Adding diversity to your cropping system can help naturally control insect herbivores
An increase in plant diversity decreases the need for pesticides. A team of German researchers found that increasing plant biodiversity enhanced natural pest control (Barnes et al. 2020). This could reduce the need for pesticide applications.
In organic operations, making a conscious effort to increase the kinds of plants could result in healthier plants with better yields. For example, instead of planting a field of tomatoes only, add basil or oregano in the rows to attract bees and garlic to help repel pests. In addition to providing a healthy and diverse environment, this plant grouping will also add a little zing to your pasta sauce.
Why diversity works:
- Insects eat less: The original study found that in more diverse grassland communities the feeding rate of insects was 44% less than the feeding rate in a grass monoculture. It is harder for insects to find their preferred plant to snack on in a diverse system. Interestingly, plants in a mixed group contain less nitrogen which makes them less appealing to insects.
- Plants grow better surrounded by a mixed group of friends. Diversity increases the total biomass of an area when compared to a monoculture.
- Predators thrive in a diverse setting. Both the biomass and the feeding rates of predators such as spiders, beetles and wasps increase.
Read the original research paper here: DOI: 10.1126/sciadv.abb6603
Plants communicate at a molecular level
Tomatoes can identify the parasitic vine dodder, Cuscuta spp., as an invader. Dodders do not make chlorophyll so they cannot make their own food. Instead the sneaky plant grafts itself to a tomato or other host plant using special suckers. It steals water, carbohydrates (sugars) and minerals from the host plant. Since dodder can not make its own energy it depends totally on other plants. Dodders do not kill their host but they weaken it. These plant parasites are found in every state.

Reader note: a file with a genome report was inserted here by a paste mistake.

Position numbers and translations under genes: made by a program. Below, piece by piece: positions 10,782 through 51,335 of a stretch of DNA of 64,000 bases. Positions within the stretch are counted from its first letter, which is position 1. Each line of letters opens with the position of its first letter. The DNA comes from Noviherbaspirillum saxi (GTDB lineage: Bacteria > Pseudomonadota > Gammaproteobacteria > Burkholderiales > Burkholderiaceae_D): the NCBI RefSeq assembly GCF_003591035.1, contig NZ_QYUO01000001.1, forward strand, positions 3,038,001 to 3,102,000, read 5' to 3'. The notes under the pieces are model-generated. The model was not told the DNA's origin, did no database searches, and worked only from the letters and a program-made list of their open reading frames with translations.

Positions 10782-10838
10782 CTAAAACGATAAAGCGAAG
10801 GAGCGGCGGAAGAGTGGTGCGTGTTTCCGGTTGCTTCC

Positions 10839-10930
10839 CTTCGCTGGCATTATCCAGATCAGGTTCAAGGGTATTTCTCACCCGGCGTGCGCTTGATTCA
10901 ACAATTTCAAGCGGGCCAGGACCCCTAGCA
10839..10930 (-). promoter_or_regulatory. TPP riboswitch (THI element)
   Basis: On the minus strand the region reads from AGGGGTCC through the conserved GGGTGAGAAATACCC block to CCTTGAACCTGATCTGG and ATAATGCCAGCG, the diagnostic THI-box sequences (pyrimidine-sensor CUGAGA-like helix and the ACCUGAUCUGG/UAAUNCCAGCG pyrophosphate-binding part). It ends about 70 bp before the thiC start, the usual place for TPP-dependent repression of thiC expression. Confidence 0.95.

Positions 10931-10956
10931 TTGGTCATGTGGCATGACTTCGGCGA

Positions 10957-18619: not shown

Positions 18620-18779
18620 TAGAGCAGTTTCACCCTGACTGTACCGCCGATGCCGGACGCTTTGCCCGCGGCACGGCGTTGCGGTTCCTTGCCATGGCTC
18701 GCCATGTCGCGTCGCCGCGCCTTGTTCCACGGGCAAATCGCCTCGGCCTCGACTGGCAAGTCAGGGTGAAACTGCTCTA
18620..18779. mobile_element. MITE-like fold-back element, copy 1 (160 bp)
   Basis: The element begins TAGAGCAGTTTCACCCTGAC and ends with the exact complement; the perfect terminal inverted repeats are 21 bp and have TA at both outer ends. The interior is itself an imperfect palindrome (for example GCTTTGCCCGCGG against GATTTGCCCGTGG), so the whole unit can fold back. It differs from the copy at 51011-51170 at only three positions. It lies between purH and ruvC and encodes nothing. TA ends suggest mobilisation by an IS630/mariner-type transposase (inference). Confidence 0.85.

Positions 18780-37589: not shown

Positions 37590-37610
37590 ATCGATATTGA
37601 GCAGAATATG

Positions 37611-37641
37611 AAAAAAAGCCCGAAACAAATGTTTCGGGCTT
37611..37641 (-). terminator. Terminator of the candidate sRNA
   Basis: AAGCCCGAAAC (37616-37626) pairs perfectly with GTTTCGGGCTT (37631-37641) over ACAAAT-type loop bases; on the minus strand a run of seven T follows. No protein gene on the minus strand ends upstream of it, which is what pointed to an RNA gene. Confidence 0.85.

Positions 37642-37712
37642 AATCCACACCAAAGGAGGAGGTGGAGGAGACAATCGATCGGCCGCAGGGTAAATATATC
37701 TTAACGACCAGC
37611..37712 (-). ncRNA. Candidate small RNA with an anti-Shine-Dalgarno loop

Researchers found that tomatoes have special receptors in their cell walls that recognize the molecular protein pattern of the dodder (Hegenauer et al. 2020). This triggers the tomato's immune reaction and enables the tomato to fight back against the dodder. This knowledge may help plant breeders select for tomatoes with more resistance to dodder.
Read the research paper and see pictures here: DOI: 10.1038/s41467-020-19147-4
Volker H, Slaby P, Körner M, et al. The tomato receptor CuRe1 senses a cell wall protein to identify Cuscuta as a pathogen. Nature Communications, 2020; 11 (1) DOI: 10.1038/s41467-020-19147-4
Origin story of 'lost crops' is revealed in the tracks of bison
One of the mysteries of agriculture is why people started relying on small unappetizing seeded grains for food instead of larger colorful fruits and juicy tubers. These plants offered a low caloric return for a lot of labor. Now this question has been answered. Ancient people gathered small seeded native plants and barley because they thrived in the prairie tracks left by herds of bison. These so called 'lost crops' were easy to see and find as people migrated in the tracks left by massive herds of buffalo through tall grass prairies.
Bison are big powerful animals. Grazing bison prune grasses, churn up soil with their hooves, add copious amount of natural fertilizer, and make large dirt wallows. This activity creates plant and soil disturbances that open up ideal habitats for annual forbs and grasses.
As people moved across the prairie they followed the bison trails and encountered large strands of the opportunistic plants. Some of these plants only occur in close relationship with grazing herds. Indigenous peoples domesticated many of these plants and maintained the vast prairies. Together, people and bison helped create a biodiverse landscape rich in food for all.
For more on this topic see Secrets of the 'lost crops' revealed where bison roam.